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Democrats file records request, want to see what Laxalt might be saying to pro-life groups

Michelle Rindels
Michelle Rindels

Democrats who have criticized Republican Attorney General Adam Laxalt for his anti-abortion views are now seeking records of correspondence his office has had with pro-life organizations.

The Nevada State Democratic Party filed a public records request earlier this month, asking for any communications between the Nevada Attorney General’s Office and National Right to Life, Nevada Right to Life, the Pro-Life League of Nevada and First Choice Pregnancy Services, a pro-life crisis pregnancy center.

"We know from Laxalt's recent secretive legal actions that he has no problem using his taxpayer-funded office to push his right-wing agenda,” Democratic party spokeswoman Helen Kalla said. “Nevada women deserve to know just how much Laxalt is collaborating with extremist anti-choice groups to further his zealous crusade to strip women of their reproductive rights."

Laxalt’s office told the party that the records request should be fulfilled by July 7, but a spokeswoman didn’t offer further comment on the matter to The Nevada Independent.

Democrats have taken issue with Laxalt for signing on to letters urging more enforcement of “conscience protections” for health-care workers who object to providing certain medical services based on their religious beliefs. They also criticized his decision to support a Texas ban on the abortion method most commonly used in the second trimester, and to oppose a California law requiring pro-life crisis pregnancy clinics inform clients about their abortion options. He hasn’t announced the actions in news releases.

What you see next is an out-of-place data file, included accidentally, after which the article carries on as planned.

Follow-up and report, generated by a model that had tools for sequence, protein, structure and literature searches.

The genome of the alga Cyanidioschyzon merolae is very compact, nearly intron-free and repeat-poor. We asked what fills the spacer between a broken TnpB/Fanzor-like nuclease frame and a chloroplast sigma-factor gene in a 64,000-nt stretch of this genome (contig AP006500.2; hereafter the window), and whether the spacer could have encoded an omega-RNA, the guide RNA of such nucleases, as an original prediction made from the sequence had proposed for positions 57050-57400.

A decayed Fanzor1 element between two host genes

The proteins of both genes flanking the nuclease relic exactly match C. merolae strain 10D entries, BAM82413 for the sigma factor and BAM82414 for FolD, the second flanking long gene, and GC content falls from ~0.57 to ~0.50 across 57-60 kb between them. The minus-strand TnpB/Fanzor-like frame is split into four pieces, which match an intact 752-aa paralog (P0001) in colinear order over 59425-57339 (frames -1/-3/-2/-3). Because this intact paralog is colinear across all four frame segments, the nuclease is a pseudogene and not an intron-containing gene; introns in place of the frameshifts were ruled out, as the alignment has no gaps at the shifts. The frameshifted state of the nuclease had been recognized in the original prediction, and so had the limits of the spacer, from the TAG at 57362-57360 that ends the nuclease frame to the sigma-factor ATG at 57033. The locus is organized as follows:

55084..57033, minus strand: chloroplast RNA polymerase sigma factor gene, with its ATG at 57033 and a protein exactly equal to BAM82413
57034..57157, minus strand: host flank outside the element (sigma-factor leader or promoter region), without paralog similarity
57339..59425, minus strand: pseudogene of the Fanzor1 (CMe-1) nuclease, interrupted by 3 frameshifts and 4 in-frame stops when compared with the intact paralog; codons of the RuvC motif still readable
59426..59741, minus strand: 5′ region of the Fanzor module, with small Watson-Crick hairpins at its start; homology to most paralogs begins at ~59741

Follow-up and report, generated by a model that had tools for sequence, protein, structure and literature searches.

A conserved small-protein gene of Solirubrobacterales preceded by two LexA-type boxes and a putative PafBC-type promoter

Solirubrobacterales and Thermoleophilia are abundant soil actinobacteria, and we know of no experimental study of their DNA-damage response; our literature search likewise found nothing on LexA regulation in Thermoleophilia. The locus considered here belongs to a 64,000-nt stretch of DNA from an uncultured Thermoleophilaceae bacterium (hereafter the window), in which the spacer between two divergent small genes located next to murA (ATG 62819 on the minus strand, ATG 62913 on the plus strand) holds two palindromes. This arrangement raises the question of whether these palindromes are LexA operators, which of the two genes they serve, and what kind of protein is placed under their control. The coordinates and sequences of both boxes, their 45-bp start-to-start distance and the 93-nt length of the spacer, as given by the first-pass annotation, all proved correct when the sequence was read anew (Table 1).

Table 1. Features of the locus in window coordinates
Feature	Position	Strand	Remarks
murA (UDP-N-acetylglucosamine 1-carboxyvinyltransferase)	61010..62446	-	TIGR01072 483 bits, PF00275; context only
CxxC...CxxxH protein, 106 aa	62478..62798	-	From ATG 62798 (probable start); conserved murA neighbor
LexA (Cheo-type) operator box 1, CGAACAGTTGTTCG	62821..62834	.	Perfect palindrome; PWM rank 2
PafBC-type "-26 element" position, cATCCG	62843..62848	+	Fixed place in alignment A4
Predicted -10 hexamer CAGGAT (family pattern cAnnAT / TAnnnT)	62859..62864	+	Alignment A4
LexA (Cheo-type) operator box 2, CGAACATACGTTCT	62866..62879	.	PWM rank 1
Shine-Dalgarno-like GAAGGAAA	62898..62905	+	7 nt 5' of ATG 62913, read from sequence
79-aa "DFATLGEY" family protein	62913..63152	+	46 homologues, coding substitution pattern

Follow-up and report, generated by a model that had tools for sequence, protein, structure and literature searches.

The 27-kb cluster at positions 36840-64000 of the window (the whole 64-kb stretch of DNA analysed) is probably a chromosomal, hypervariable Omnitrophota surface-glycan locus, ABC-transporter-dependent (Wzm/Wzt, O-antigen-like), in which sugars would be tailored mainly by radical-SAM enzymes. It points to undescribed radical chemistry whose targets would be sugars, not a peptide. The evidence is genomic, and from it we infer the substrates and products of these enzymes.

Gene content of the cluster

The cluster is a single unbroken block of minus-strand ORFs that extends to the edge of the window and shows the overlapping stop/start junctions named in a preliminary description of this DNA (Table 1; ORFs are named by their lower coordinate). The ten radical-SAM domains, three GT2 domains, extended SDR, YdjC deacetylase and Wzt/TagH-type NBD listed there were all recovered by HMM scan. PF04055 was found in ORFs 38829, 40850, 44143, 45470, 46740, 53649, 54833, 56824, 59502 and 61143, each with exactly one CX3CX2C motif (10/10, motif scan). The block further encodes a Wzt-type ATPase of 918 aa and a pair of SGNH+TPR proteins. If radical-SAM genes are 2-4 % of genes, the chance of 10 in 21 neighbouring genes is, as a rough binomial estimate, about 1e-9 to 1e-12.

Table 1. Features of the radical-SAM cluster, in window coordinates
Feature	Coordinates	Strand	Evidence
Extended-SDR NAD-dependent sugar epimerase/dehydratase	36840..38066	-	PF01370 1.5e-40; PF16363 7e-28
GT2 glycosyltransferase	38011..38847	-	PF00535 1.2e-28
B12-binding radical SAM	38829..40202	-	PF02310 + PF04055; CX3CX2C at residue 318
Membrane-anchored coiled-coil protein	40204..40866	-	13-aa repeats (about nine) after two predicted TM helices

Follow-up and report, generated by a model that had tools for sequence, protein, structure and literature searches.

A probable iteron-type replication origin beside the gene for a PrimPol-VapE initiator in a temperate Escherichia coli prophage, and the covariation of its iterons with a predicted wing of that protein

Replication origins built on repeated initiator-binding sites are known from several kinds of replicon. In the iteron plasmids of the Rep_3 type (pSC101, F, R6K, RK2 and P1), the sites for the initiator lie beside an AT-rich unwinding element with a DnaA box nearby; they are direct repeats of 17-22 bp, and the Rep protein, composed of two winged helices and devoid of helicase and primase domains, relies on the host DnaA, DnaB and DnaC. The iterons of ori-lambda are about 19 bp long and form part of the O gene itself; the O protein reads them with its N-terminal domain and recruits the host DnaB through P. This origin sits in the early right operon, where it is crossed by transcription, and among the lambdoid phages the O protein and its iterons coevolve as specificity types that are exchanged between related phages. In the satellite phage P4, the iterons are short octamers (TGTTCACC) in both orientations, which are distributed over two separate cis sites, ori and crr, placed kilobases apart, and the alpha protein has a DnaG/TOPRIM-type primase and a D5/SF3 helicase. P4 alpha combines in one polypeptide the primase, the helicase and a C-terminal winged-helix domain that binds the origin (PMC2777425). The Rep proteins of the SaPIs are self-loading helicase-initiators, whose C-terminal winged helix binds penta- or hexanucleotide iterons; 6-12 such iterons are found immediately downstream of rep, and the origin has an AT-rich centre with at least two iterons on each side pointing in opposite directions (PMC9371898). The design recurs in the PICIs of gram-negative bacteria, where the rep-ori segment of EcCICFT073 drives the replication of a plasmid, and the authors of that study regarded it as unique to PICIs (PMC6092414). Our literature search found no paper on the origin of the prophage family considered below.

While Laxalt supported additional restrictions on abortion in Texas, he said in an interview with KTVN that he doesn’t intend to roll back abortion in Nevada if elected governor. His hands would be tied by a provision in the Nevada Constitution, approved by voters in 1990, that allows women to have an abortion up to 24 weeks of gestation or later if it’s performed to preserve the life or health of a woman. Removing the provision would require a statewide vote.

“I am pro-life, but obviously our state, both through our state Constitution and our federal Constitution, that, you know, abortion is allowed, and that’s something that I don’t intend on rolling back,” he said.

Democrats have previously used a similar tactic on guns, requesting correspondence between Laxalt’s office and the National Rifle Association.


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